In the wrong hands, with the wrong intentions *everything* is a weapon. Textbooks make a good club. Picture frames on the wall make good stabbing tools. Heck, you could pick up a chair and swing it. And you know those very same pens and pencils that they use to write with? Guess what make *great* stabbing tools? That's why prisons only allow stab-proof wobbly pens.

It is quite literally insane to think that you can stop a person who intends to be violent from being violent AND also allow them freedom of movement.

And, despite what the media might lead you to believe, most people are, in fact, nice people. Very few kids actually commit serious violence UNLESS... they're subjected to peer pressure (e.g. gangs), or psychotropic drugs, or other factors of that nature. Instead of "we need to prohibit weapons" policies, we need "this is a safe place to learn and grow" policies. Instead of expelling/suspending children for drawing pictures of guns, or bringing water guns to school, we need to stop the much more insidious problem of kids verbally abusing other kids. Remember Casey, the kid who (quite awesomely) power bombed the much smaller bullies because he /felt he had no other recourse/? Yeah, Casey did the right thing - the school totally failed to prevent the behavior that leads to violence in the first place. The bully? Yeah, that's totally gang behavior on the small scale.

So yes, building your own wooden knife *is* appropriate.
rrfxxxr eszaq12 years ago
eszaq1.
Look around you, paper weight on your desk, or tire iron in your car. What about a PC mouse as improvised garrotte, PC keyboard, wire from spiral bound tablet. Bare hands with the "wrong intentions" ..... and on and on. Just looking at the bigger picture.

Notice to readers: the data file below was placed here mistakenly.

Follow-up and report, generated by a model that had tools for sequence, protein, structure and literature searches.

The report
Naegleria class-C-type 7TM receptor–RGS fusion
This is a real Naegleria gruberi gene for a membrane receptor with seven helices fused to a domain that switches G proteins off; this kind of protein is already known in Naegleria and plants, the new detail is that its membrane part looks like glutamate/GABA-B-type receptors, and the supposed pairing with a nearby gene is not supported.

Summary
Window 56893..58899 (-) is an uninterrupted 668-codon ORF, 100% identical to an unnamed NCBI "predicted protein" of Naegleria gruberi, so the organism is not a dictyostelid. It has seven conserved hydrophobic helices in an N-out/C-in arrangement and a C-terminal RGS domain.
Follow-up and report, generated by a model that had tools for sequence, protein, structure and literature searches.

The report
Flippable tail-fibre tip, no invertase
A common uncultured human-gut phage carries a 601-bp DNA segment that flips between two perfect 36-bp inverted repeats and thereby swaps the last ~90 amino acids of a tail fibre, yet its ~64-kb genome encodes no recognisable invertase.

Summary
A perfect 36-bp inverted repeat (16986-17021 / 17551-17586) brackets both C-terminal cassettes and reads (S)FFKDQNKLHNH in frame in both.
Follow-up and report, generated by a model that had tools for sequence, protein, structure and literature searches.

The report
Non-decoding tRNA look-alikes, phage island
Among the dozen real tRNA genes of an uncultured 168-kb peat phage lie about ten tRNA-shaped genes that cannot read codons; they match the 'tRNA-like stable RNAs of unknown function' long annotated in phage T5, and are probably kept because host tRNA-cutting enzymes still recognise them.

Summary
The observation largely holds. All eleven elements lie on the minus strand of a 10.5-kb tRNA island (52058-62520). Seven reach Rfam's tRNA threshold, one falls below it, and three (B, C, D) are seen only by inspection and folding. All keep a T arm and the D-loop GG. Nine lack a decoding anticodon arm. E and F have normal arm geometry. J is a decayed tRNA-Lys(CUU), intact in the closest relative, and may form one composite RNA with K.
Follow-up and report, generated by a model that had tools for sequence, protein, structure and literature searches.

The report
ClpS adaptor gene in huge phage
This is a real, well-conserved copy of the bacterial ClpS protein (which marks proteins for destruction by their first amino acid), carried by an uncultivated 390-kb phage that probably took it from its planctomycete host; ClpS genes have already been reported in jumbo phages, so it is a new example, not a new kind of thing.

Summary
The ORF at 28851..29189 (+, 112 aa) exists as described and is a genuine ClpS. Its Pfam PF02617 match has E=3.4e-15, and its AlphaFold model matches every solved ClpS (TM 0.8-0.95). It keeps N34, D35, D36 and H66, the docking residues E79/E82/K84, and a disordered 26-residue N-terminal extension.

if someone was to use this as a weapon, they'd have to use aluminium for the blade. pressboard like this would snap in half w/o causing more then a serious bruise and putting a point on it would weaken the structure even further. especially in such a thin cross section.

seriously, it's people like you that are getting our liberties slowly stripped away from us and are going to be part of the ruination of this country. being paranoid about what can be used as a weapon and all. like in california, because of your logic, you can't even carry certain pens because they can be potential weapons. dirk (and dagger) definition in the law, see Dirk Or Dagger in PC 16100-17360 definitions, covers pretty much anything, because ready use as a stabbing weapon that may inflict great bodily injury or death applies to the screwdrives and pens just as well. And those things do get used in crimes as a stabbing weapon.
I think instructables.com answered your cries for nanny-statehood nicely by making this a featured article on 9/11. Lol! Go Insructables!
Denger eszaq12 years ago
The only difference between a tool and a weapon lies in its application.